Grounds for the set-aside application – Given that the Model Law applied, the Court reframed EDE’s application as a set-aside application under Article 34(2)(a)(ii) and 34(2)(a)(iii) of the Model Law on the basis that EDE had not been able to present its case for reasons of fairness, or that the arbitrator had exceeded her jurisdiction. 

The Court began by setting out the applicable test for setting aside an arbitral award for reasons of procedural fairness, which sets  a very high threshold. Citing the Court of Appeal’s decision in Consolidated Contractors Group SAL (Offshore) v Ambatovy Minerals SA, 2017 ONCA 939, Justice Vermette noted at para. 95:

“Courts have held that to justify setting aside an arbitral award under Article 34(2)(a)(ii) of the Model Law for reasons of fairness or natural justice, the conduct of the arbitral tribunal must be sufficiently serious to offend our most basic notions of morality and justice. Judicial intervention for alleged violations of the due process requirements of the Model Law will be warranted only when the tribunal’s conduct is so serious that it cannot be condoned under Ontario law.”

With respect to EDE’s claims that the arbitrator exceeded her jurisdiction, the Court relied on the tests set out in Alectra Utilities Corporation v Solar Power Network Inc, 2019 ONCA 254 and  Parc-IX Limited v The Manufacturer’s Life Insurance Company, 2021 ONSC 1252, noting at para. 100 that: “… jurisdiction is determined not by asking whether the arbitrator made a correct decision, but by asking whether the arbitrator had the authority to make the inquiry that they made.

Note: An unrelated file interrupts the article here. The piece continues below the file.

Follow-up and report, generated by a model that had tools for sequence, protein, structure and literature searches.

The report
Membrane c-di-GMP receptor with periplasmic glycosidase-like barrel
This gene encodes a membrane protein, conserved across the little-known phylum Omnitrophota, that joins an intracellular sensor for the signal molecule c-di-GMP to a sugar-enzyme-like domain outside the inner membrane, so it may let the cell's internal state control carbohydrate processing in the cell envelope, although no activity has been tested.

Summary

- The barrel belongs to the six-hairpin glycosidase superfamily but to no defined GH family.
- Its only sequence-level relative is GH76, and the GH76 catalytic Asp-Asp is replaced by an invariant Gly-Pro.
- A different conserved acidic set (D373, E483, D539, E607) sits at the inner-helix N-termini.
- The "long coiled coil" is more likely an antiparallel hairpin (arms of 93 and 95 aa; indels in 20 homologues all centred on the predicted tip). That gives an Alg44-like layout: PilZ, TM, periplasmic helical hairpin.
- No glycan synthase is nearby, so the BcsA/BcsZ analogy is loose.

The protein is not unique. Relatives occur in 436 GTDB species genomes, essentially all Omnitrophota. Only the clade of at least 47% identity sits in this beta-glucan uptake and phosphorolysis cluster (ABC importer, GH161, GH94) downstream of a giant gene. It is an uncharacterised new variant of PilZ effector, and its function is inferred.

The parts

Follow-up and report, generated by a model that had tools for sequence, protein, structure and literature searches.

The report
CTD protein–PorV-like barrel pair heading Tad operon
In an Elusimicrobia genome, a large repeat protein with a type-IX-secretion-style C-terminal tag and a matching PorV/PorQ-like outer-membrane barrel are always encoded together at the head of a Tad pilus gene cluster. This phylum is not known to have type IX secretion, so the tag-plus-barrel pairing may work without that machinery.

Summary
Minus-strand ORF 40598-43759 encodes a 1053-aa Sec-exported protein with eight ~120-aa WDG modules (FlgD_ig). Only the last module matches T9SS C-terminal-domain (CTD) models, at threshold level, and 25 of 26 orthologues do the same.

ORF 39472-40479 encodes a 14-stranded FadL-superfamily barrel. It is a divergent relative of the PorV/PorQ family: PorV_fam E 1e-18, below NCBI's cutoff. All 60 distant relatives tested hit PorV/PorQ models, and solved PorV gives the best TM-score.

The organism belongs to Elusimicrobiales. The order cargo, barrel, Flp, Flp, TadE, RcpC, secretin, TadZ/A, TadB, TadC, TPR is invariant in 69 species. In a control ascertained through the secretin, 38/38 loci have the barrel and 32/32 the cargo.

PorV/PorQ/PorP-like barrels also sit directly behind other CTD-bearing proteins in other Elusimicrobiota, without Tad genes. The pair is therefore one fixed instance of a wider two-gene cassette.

After reviewing these tests, the Court rejected EDE’s set-aside application. EDE’s arguments were premised on its position that it was not possible to adopt the first-in, last-out methodology for disgorgement of profits because the funds were co-mingled. However, the Court noted that this premise related to the merits of the arbitrator’s decision and thus was not reviewable under a set-aside application. 

The Court also noted that this methodology was put forward by the shareholders’ expert, and so EDE had an opportunity to put forward an alternative methodology, cross-examine the expert, and make submissions on this methodology. Thus, EDE was able to present its case on the issue. Because the arbitrator had considered the co-mingling of the funds, EDE could not argue that the arbitrator re-opened this issue or made inconsistent findings on this issue in the Damages Award. 

The Court also held that EDE did not provide evidence to establish that the arbitrator exceeded her jurisdiction in the Damages Award by affecting non-party shareholders or by re-opening liability issues.

Contributor’s Note:

Two things arise from this decision. 

First, parties cannot contract out of the Model Law if the matter falls withinthe purview of the ICAA. This is not surprising, considering among other things, the interplay between section 2(1) of the domestic Arbitration Act and section 2(2) of the ICAA, and other lower court pronouncements that parties cannot waive the application of the international arbitration act where it applies (see for example previous Arbitration Matters Case Note: B.C. – parties cannot waive application of International Commercial Arbitration Act because its application is mandatory – #059

It appears that other provinces approach this problem slightly differently (see for example section 1(7) of the International Commercial Arbitration Act, RSBC 1996, c 233, which provides that any reference to the domestic Arbitration Act in an arbitration agreement respecting an international commercial arbitration will be deemed to be a reference to the international arbitration statute).

Second, this case is consistent with prior court decisions maintaining a high bar for set-aside applications. This case serves as yet another caution against disguising substantive arguments on the merits as grounds for a set-aside application. Some recent case notes tackle his subject, including:

Ontario – Court affirms narrow jurisdiction to set aside an arbitral award – #729

Ontario – Challenge to award for procedural unfairness and insufficient reasons dismissed – #732

Ontario – Set-aside application can’t bootstrap appeal– #707.